Jennifer, a math teacher at the local high school, said that the first chapter in her new curriculum is on transformations. I probably won't use any transformations today, at least no in the form of equations or graphs. I will use it on the computer today by clicking on some screen or picture or text and moving it to another part of the page. Or by swiping an icon on my cell phone. I may use other transformations by zooming in on an image, changing the text size, reversing the direction of an image or distorting an image in Photoshop.
But who cares after I can drive a car without knowing how the motor works or why we use one type of oil instead of another. Just as long as it works.
However, someone does need to know how all this works so I can do it without knowing how it works. But, not most of us. The argument continues to go both ways. Is it important to teach transformations to everyone?
Of course, I have always enjoyed math and continue to read books about math for pleasure and relaxation. I also read them because I have to think new thoughts or rethink thoughts from decades ago. Which brings me to another reason for reading about math, it requires my brain to physically create new paths stimulating the cells and keeping me sharp.
Many years ago, several decades ago as computers were emerging and finding their way into schools, there was a turtle, or at least that's what they called the little triangle on the green screen. The program was Logo. The user, typically a student, could type in commands to move forward, change directions and repeat previous steps and the turtle would move about the screen. It was simple, so simple that I considered fun but a waste of time. Now these decades later it is recognized and one of the best activities to stimulate thinking--critical, creative, logical. Today's equivalent is coding and many other programs.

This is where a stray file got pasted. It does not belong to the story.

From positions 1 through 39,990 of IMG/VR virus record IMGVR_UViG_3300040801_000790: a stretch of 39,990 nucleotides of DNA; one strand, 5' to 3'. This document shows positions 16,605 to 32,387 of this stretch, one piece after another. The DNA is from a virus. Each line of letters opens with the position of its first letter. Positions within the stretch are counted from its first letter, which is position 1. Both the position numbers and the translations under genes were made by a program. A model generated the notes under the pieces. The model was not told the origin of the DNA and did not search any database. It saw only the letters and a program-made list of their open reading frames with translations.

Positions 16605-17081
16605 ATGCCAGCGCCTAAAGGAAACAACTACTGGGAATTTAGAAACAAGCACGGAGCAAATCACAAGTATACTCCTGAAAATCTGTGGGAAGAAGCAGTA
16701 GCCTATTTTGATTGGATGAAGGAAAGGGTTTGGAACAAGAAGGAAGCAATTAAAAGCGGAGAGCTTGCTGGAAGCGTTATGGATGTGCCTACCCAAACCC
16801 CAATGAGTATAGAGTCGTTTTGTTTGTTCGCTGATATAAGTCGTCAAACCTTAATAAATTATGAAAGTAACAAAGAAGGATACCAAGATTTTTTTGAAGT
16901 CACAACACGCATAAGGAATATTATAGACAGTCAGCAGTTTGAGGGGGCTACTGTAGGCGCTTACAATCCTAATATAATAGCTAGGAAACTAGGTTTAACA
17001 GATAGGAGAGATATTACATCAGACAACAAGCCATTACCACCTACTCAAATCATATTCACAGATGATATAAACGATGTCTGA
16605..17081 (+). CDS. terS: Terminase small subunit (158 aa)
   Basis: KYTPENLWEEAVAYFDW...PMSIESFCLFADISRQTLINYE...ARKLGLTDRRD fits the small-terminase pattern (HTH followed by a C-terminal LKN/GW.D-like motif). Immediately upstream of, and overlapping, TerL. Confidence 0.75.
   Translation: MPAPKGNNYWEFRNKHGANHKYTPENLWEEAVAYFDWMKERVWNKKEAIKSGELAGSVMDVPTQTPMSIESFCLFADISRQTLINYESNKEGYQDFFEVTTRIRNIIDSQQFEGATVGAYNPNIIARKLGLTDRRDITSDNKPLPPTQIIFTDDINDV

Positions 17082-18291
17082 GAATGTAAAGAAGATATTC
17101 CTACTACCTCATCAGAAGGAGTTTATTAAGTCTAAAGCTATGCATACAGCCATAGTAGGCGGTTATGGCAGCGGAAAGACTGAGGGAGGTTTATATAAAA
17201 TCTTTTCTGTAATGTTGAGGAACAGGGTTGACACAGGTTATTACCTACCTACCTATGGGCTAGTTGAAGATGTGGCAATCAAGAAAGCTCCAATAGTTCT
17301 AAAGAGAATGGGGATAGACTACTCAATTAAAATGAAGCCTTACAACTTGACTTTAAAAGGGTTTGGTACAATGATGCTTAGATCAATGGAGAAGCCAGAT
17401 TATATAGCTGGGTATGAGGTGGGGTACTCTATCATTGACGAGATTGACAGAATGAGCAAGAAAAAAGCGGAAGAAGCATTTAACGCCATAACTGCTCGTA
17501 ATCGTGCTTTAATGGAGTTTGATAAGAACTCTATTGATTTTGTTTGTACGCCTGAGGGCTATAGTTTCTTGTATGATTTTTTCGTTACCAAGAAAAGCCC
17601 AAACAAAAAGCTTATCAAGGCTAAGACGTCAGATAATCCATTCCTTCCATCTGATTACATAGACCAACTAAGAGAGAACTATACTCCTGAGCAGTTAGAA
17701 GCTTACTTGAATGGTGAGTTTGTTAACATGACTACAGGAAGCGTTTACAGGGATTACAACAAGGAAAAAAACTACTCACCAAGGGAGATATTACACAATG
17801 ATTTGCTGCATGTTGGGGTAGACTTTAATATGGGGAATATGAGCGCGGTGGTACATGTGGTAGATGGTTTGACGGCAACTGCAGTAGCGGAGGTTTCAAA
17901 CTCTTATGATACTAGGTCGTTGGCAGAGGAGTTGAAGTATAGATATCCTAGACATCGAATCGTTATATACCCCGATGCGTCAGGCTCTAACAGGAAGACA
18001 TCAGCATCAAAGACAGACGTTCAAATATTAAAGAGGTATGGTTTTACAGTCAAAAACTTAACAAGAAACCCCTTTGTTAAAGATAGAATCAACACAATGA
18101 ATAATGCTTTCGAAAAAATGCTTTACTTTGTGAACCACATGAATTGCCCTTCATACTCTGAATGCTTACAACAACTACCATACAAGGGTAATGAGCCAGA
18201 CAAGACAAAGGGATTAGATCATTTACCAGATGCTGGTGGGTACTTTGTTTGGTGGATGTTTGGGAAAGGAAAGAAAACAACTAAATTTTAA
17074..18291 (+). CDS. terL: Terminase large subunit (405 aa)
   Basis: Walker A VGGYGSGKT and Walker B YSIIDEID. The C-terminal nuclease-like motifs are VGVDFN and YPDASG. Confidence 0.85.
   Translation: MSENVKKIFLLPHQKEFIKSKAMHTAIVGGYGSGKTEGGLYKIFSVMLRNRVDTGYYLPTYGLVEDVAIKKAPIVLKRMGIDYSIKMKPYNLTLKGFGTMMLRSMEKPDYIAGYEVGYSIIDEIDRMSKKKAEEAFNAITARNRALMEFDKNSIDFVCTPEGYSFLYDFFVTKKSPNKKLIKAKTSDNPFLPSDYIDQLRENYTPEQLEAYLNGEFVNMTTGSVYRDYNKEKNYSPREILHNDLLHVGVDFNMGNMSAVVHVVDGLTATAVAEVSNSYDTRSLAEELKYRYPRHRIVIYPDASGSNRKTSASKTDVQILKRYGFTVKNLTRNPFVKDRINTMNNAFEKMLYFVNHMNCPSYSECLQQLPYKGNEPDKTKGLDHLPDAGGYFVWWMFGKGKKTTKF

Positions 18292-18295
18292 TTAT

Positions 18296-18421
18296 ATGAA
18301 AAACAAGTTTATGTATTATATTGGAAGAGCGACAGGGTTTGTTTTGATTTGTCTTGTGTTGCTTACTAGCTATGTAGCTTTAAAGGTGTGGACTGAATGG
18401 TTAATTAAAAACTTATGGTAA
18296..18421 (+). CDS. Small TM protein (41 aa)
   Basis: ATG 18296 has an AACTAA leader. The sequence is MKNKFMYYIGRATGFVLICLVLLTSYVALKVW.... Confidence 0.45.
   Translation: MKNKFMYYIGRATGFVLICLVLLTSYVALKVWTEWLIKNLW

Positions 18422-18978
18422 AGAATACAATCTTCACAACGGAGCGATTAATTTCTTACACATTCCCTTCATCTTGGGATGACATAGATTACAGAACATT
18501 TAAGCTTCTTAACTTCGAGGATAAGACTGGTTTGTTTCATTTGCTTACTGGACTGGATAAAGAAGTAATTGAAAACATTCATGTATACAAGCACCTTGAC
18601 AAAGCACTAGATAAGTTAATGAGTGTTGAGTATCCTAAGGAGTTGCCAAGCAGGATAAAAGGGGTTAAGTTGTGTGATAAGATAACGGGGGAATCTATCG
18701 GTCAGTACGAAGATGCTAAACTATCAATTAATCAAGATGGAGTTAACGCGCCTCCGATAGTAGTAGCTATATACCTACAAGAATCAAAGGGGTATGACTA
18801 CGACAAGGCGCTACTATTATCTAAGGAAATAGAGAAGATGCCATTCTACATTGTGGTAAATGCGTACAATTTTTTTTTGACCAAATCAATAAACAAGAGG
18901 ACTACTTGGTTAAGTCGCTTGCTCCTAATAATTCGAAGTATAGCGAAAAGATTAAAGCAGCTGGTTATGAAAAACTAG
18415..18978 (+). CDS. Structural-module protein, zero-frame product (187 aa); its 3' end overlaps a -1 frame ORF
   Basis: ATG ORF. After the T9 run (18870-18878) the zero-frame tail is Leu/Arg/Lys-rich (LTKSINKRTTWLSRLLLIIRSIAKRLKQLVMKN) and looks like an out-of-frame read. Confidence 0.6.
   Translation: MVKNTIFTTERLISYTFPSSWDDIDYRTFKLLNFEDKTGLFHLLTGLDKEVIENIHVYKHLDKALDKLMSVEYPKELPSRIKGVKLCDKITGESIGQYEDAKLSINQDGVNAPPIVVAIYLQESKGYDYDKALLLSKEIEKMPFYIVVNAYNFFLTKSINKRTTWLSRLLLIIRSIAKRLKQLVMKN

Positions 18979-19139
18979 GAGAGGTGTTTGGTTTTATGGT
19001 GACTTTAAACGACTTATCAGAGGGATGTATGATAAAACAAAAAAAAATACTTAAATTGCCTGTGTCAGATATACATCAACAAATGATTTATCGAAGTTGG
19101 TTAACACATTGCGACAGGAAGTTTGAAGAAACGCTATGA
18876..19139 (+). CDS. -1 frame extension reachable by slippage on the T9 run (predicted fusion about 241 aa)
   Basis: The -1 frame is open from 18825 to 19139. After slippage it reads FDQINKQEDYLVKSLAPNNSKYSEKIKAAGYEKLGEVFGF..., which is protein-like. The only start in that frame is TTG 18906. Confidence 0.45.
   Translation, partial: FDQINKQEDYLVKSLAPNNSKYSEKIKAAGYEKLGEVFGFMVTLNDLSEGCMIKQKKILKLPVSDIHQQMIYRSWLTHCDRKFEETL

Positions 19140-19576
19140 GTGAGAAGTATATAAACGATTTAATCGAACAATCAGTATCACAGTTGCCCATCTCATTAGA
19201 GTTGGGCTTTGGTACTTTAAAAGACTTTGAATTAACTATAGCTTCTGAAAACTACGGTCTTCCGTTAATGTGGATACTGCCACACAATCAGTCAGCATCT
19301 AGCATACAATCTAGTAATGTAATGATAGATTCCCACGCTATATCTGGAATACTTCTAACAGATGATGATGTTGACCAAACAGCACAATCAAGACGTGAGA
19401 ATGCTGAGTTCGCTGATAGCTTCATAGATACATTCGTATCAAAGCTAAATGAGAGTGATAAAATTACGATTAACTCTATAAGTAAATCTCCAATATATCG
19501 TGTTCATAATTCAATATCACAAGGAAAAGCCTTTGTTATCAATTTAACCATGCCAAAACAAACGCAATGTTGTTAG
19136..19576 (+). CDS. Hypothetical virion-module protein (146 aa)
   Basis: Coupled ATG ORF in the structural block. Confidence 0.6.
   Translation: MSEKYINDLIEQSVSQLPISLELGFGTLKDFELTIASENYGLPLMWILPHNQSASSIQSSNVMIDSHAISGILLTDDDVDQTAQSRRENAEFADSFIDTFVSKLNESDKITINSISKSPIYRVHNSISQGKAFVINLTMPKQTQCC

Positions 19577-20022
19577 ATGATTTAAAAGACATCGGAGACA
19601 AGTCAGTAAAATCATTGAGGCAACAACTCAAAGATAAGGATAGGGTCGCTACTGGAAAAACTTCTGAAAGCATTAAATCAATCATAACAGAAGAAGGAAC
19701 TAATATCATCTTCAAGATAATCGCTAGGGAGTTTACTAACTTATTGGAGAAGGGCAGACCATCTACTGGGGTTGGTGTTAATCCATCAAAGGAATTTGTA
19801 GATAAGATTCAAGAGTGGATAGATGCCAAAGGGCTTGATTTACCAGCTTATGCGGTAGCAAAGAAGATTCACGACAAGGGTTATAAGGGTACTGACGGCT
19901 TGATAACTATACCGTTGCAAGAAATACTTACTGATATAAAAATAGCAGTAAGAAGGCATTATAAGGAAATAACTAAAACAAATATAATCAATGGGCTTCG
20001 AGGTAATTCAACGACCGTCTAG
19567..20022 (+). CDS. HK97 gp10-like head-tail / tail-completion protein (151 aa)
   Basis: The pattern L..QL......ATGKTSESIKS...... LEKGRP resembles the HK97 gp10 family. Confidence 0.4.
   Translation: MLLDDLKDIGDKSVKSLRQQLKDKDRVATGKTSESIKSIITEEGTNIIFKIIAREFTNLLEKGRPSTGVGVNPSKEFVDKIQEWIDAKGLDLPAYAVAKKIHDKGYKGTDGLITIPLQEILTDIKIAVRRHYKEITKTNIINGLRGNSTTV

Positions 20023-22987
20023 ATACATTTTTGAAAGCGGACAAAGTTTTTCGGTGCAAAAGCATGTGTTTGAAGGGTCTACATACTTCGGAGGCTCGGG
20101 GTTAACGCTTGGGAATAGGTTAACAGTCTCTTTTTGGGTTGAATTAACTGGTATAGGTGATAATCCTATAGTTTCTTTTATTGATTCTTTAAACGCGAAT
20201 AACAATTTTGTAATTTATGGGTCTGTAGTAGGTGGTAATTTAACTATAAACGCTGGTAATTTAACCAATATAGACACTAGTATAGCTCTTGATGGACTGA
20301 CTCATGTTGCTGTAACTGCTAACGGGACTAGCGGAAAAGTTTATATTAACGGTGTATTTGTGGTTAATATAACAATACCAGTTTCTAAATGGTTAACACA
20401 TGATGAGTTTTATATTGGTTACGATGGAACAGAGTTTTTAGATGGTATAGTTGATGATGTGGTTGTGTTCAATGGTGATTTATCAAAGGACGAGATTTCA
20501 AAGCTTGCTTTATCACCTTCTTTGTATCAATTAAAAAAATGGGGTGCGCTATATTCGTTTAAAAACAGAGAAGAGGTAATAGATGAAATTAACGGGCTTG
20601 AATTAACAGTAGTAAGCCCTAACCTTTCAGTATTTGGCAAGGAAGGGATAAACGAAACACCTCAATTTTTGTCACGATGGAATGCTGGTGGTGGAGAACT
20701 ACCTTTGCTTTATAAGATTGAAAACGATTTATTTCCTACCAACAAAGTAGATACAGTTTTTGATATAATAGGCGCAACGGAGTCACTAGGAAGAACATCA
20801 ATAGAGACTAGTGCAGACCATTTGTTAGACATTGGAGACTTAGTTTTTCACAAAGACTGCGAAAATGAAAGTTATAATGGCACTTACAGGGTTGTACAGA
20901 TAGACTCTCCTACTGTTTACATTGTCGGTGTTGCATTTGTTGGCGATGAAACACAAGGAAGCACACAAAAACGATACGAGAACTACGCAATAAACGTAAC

So what do we have? A simple essentially useless program that promotes creative, critical and logical thinking, and more, I suspect, because this list is probably not inclusive. This are all skills needed in daily life. I will use them frequently today as I garden, cook, build a shadow box, write and respond to emails, even if there's no turtle or commands to move forward involved. So why study transformations? It makes us think. Once we learn to "think" we go on to "educate" ourselves by accumulating "knowledge" through "remembering" facts.
Education, from me, doesn't come from a teacher teaching us, it comes from learning what the teacher puts before us. It's not memorizing facts and testing our memory through multiple choice questions. It's a daily activity of questioning, solving, creating, repeating and expressing, and more because this list is not inclusive either. While I can do this all myself in seclusion, I like the stimulation of others and the guidances of teachers to save me time and let me move on to more thinking. And so I will.